May 11-13, 2023 in Witten, Germany
The first-person perspective has had a checkered fate in the development of modern psychology, philosophy, and cognitive science. While introspection was a widely used but neither fully established nor unchallenged method at the beginning of the 20th century, it was soon supplanted by behaviorism and analytic philosophy in favor of more "objective" approaches. One reason for the decline was the challenge to make introspective methods and results accessible for intersubjective review and confirmation. But even conventional methods indirectly draw upon introspection, both in empirical and theoretical contexts. It hence apparently cannot be fully eliminated in the study of human consciousness. However, in the last two decades the scope of introspective research was broadened by linking it with rigorous methods of intersubjective validation. More recently, there have been attempts to re-integrate the first-person perspective into the mind sciences. For that reason, the exploration of the phenomenal experiences of the subject now seems a more natural fit in the (psychological) toolbox; as a matter of fact, a whole spectrum of methods explicitly prioritizing the first-person perspective has emerged that have already proven their worth in a range of studies.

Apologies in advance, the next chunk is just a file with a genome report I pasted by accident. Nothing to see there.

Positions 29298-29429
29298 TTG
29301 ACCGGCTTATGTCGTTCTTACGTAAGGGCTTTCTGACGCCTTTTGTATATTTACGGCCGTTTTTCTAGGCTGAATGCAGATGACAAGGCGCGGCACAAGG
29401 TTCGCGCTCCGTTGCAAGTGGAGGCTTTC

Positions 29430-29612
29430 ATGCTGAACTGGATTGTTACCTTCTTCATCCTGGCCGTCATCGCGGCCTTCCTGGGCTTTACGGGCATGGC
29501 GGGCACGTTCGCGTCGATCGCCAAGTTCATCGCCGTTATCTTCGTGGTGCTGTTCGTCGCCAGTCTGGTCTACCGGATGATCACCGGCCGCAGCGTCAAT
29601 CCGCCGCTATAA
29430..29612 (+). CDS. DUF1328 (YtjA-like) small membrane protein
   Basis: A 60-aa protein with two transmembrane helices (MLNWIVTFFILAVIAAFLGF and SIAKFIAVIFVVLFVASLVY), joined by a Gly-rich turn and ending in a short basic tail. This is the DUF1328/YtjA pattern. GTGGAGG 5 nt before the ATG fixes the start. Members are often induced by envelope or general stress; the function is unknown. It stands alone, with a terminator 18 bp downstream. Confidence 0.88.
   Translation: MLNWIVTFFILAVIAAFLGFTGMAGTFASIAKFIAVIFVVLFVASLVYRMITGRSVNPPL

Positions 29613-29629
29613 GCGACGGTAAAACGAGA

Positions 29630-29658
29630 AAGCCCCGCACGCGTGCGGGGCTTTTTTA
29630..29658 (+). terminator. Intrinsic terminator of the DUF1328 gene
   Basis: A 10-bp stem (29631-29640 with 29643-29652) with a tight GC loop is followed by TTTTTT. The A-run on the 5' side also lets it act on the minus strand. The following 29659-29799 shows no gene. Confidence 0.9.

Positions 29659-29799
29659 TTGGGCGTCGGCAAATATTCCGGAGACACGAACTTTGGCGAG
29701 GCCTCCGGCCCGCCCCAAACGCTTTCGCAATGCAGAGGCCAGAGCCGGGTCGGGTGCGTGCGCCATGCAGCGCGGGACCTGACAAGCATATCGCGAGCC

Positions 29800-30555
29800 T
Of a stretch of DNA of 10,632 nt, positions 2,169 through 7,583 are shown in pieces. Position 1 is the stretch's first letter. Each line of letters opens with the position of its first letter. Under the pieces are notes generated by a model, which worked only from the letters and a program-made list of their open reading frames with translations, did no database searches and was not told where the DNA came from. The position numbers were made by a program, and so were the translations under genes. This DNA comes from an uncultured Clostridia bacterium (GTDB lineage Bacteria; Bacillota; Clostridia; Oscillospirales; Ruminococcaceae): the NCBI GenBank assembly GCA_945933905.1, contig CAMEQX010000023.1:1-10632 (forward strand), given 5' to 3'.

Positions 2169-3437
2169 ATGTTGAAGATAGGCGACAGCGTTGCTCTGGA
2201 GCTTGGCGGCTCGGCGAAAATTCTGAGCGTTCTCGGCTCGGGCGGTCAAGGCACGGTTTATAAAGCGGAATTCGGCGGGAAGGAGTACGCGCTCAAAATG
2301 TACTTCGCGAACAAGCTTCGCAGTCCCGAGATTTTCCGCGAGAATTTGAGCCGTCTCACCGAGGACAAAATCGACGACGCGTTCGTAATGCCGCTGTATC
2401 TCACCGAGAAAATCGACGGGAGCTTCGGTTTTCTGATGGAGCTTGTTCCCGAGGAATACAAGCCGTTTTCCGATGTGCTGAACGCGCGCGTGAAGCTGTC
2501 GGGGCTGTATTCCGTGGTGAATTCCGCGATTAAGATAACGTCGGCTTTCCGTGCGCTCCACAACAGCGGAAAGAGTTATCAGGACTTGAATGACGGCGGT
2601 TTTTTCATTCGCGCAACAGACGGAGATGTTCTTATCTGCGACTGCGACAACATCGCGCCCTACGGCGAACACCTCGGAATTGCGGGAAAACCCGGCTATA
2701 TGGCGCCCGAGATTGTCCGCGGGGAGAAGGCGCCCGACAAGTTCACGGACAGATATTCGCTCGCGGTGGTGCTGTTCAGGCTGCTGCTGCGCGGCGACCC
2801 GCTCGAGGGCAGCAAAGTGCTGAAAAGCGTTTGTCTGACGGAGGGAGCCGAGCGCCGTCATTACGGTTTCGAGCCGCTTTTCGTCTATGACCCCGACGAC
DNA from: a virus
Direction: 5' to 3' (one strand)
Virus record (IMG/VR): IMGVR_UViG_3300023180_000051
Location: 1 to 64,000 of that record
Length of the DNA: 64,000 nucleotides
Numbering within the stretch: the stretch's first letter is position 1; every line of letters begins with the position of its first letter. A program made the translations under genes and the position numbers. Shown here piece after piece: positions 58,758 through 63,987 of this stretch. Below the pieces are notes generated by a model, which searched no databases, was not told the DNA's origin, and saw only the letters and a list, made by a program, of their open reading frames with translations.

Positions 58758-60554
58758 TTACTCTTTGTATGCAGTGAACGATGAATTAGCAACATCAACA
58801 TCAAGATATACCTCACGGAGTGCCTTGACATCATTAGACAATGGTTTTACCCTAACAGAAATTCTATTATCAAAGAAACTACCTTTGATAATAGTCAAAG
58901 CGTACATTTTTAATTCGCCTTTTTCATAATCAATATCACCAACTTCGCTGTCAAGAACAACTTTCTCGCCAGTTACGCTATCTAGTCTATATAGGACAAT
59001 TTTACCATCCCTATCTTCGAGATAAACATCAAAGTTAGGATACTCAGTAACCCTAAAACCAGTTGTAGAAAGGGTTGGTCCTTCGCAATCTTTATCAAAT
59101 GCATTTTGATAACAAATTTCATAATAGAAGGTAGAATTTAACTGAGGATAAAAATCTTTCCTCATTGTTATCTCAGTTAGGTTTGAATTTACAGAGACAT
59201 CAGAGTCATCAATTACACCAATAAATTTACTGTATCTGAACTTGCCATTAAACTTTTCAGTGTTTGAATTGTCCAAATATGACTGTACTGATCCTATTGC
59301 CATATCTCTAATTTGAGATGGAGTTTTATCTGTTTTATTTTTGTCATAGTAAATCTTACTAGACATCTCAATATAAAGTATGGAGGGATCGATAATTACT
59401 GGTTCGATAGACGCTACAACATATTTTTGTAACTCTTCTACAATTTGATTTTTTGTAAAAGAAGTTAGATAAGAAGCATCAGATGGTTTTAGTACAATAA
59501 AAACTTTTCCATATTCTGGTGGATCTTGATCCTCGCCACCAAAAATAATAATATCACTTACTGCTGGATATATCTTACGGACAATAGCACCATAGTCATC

Against this background it seems legitimate to ask which directions the outlined development might take; what strengthens and differentiates the first-person perspective even further? And what potential may first-person approaches have for science and society-related issues in more general terms. As with many developments in science, an increasing diversity and even competition has arisen in the realm of first-person methods and their validation, which is sometimes challenging. To give an example, it is still an important research question as to how the temporal gap between first-person experiences and their (e.g., verbal) expression might be bridged. Is it legitimate to evocate (memorize or re-enact) former experiences or should, if possible, the process of verbalizing subjective experiences occur simultaneously? Moreover, a classification is required that documents the possibilities and limitations of the various sub-approaches. Also, from the outside perspective of mainstream research, an overview and classification of existing first-person methods would be desirable, so that they can be better incorporated into the standard repertoire of the consciousness sciences. Systematization may begin, for example, with an examination of the extent to which first-person methods can contribute to ideographic or nomothetic research approaches. Should they aim primarily at exhaustively fine-grained representations of individual lived experience, or should they also serve to discover and substantiate universal structures and general laws? This leads to the question whether and how first -person methods can best be integrated into mixed methods approaches, for example into data collection for triangulation, data analysis, and theory building. To what extent can first-person approaches be combined with established qualitative and quantitative approaches? And finally: Can we expect a realignment of the mind sciences and perhaps even an impact on science policy and other dimensions of social development from a stronger inclusion of first-person methods? One example concerns the exploration of free will. It has been argued by proponents of free will that its foundation and development depend on introspective access to one’s own mental states in concept formation, critical reflection, deliberation, and decision-making activities. One can ask then how a methodologically assisted access to such mental actions and their exploration might affect the course of social processes and science policy in its ethical foundation and critical justification itself.